Cloud software companies both large and small expect to finish 2015 with median revenue growth of about 46 percent, according to a survey, out today, by Pacific Crest Securities.
But as an indicator that only a select few can expect to be profitable in the foreseeable future, they are spending more to acquire their customers than their customers pay them, at least initially. As a group, the companies spent a median of $1.18 to acquire every one dollar in revenue, and for some companies that ratio was as high as three to one.
Obviously, these companies don’t intend to keep losing money forever. Once they signed a customer, it cost a lot less to sell them new incremental services over time. The companies surveyed reported these “upsell” costs at a median of 28 cents for every dollar in new revenue, though this was higher than the 18-cent median cost they reported in the same survey last year.
There are a lot of other interesting details. For one thing, nearly two-thirds of the companies in the survey delivered their applications via the public cloud. Last year, more than half of companies responding to the same survey managed their own servers. Forty percent said they use Amazon Web Services now, and 44 percent said they expect to use AWS three years from now. Other platforms, including Salesforce1 and Microsoft Azure, accounted for a combined 8 percent. Other third-party providers — presumably IBM SoftLayer, Rackspace and others fit in there — accounted for about 15 percent. The remaining 37 percent said they manage their own infrastructure.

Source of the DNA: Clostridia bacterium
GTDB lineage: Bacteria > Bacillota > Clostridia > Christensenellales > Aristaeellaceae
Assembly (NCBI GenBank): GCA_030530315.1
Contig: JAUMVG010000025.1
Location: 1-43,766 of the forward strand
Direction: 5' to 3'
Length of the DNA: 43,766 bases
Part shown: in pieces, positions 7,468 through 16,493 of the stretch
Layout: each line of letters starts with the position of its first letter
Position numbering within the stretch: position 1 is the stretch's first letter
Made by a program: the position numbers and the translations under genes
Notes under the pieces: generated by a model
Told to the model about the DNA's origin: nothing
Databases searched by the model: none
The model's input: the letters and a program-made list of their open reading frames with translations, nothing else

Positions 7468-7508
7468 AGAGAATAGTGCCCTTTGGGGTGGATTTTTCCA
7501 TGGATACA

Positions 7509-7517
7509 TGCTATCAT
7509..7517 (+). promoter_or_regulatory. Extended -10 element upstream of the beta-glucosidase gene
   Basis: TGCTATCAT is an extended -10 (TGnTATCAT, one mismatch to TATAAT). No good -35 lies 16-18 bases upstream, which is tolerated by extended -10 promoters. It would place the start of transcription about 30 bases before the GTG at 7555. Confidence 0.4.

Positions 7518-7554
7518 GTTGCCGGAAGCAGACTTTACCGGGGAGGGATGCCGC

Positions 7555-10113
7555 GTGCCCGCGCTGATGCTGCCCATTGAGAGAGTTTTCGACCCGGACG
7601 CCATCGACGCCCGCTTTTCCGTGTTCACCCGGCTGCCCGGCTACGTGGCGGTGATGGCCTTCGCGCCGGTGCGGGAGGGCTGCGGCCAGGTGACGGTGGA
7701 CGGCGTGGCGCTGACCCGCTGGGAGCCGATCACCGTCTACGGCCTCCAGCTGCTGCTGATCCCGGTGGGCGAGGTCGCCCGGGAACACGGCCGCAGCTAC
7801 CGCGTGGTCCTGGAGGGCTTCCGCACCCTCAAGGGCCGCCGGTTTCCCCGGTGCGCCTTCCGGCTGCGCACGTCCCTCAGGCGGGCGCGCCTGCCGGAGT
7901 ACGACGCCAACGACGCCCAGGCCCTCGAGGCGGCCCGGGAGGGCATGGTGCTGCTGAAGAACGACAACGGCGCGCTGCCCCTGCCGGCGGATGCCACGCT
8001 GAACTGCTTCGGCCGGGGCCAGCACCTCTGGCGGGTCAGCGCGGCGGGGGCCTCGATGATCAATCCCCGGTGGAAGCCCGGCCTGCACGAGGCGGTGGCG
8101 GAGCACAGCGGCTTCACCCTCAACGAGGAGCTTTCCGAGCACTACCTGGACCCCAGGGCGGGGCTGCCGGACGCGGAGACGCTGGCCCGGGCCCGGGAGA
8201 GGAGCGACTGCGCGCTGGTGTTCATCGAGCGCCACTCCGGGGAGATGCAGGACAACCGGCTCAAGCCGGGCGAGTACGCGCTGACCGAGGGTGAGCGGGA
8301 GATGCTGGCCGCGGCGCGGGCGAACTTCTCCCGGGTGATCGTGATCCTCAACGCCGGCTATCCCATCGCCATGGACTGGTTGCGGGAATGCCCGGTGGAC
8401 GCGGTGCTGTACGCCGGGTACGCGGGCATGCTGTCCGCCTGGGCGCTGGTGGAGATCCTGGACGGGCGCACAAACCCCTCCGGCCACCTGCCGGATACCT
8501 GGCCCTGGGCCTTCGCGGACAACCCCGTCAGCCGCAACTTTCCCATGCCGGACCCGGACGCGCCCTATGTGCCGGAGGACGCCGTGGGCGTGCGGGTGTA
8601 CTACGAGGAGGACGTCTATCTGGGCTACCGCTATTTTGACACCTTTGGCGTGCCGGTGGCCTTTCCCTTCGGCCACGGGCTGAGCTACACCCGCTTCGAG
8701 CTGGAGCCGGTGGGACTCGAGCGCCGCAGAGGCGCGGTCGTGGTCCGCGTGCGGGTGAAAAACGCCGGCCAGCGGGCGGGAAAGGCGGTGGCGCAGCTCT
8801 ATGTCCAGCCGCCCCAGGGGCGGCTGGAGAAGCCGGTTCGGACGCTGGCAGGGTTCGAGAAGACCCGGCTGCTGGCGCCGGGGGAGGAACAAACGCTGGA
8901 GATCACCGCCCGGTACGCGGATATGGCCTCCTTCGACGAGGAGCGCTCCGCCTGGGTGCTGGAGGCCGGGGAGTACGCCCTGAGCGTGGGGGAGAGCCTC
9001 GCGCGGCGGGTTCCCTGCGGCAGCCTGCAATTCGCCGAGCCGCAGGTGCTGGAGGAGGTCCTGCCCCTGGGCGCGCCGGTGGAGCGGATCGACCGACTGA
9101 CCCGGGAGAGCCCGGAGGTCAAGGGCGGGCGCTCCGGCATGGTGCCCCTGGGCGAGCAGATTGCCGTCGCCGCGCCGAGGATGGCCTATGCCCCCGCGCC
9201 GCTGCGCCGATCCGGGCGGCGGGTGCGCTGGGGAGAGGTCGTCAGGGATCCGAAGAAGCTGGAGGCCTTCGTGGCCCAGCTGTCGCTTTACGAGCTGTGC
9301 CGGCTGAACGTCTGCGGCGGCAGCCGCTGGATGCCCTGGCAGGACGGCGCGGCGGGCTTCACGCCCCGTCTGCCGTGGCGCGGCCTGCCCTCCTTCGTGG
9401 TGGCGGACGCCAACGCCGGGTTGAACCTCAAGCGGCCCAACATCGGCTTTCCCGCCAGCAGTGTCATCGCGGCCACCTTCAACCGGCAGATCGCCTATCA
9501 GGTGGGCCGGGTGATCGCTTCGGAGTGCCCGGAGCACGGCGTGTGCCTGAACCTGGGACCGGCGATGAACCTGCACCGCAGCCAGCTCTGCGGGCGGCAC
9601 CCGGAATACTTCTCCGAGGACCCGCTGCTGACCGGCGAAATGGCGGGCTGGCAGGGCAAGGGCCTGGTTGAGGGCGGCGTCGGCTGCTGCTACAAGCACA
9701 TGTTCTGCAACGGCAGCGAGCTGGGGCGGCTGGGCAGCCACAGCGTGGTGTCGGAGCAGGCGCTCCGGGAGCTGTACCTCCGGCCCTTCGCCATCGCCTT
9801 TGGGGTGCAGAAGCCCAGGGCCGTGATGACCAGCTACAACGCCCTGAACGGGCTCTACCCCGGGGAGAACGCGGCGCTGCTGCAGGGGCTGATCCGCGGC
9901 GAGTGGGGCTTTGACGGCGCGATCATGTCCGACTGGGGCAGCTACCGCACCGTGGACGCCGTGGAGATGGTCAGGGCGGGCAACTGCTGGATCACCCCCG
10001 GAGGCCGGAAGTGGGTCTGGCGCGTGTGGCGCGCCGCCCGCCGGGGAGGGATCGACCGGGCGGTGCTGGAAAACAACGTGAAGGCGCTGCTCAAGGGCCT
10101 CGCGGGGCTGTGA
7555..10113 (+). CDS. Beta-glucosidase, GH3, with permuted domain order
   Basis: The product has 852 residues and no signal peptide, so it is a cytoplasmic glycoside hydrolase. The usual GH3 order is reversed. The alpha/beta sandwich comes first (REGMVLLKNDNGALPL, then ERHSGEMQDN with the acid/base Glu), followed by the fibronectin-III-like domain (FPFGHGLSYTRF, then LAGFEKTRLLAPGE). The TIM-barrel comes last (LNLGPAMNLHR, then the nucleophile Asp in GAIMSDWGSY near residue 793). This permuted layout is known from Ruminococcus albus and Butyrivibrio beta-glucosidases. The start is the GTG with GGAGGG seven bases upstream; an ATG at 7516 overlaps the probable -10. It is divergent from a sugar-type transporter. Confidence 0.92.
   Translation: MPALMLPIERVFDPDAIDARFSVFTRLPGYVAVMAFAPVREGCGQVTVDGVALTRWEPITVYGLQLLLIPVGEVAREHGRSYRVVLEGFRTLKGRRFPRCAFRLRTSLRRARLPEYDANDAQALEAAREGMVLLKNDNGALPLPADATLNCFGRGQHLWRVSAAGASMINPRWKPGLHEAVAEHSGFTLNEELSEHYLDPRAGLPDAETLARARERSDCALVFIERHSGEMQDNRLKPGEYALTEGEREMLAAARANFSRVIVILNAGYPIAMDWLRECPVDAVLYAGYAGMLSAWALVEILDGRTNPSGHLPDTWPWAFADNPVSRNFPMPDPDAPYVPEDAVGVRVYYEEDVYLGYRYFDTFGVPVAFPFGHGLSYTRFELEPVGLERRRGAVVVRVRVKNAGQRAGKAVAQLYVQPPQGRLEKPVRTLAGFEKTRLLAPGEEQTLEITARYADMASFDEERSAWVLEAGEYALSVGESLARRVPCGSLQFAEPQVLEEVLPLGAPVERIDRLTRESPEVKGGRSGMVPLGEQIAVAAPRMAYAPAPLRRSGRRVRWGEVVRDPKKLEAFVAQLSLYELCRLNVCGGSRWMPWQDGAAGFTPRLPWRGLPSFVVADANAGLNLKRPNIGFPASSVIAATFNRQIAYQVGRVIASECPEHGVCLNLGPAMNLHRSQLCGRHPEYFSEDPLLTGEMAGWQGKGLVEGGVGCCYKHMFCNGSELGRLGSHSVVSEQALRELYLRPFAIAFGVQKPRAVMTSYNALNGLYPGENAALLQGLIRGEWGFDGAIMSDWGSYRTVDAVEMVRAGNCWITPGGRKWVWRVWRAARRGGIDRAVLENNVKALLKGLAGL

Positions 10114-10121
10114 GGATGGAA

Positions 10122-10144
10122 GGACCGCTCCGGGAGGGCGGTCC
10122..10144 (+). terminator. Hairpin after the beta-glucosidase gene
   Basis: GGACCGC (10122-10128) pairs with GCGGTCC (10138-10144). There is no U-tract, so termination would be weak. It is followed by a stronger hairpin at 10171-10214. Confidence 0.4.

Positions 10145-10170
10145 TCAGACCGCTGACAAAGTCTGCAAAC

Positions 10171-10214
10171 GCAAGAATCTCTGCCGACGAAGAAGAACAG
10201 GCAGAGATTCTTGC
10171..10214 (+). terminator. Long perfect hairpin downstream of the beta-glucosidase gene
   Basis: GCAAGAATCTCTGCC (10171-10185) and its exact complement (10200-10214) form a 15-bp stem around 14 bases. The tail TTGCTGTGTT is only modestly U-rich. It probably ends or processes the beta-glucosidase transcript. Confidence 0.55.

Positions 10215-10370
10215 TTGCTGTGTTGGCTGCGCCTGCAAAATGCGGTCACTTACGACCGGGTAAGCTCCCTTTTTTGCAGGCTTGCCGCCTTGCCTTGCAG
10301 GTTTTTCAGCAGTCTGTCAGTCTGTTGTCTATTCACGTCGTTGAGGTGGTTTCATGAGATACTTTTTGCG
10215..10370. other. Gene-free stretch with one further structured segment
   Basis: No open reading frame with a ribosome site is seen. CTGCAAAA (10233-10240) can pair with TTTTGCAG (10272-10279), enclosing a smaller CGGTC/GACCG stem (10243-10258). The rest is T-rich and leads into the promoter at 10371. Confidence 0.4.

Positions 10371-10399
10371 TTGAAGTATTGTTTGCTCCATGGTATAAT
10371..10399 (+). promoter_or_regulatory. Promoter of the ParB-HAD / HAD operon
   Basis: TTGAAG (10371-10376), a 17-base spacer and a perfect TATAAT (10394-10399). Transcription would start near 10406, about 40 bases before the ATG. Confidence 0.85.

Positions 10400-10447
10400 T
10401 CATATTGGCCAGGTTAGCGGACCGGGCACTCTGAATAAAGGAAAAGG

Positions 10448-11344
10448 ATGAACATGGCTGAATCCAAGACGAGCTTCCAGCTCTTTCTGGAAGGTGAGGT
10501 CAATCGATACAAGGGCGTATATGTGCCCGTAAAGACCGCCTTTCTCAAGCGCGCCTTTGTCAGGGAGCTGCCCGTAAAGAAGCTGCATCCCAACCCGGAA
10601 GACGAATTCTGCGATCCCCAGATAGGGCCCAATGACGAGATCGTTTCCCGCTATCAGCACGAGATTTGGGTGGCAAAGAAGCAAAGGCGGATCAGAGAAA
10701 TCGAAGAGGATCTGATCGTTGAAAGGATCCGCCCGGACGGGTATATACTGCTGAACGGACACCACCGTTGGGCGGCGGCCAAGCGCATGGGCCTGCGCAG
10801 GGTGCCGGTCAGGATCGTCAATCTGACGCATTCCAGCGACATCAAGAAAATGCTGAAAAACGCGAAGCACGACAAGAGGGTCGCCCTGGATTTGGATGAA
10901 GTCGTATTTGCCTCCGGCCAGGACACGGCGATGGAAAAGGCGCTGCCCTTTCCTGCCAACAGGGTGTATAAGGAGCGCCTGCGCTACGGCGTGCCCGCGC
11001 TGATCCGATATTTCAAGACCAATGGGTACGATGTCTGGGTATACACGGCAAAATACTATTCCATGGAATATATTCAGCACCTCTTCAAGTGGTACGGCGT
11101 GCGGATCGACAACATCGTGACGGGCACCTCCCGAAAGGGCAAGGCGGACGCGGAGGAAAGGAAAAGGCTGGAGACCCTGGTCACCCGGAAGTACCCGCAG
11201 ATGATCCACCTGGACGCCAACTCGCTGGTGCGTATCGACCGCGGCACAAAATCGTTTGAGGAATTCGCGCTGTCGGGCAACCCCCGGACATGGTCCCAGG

The survey, out this morning, is a pretty deep dive into the health and operational benchmarks of cloud software companies. Included in the data are responses from 305 privately-held cloud software outfits, large, small and in-between though it doesn’t name them.
Correction: We originally said the survey included data from publicly held cloud software companies too, but only privately-held companies were surveyed. Sorry about that.
This article originally appeared on Recode.net.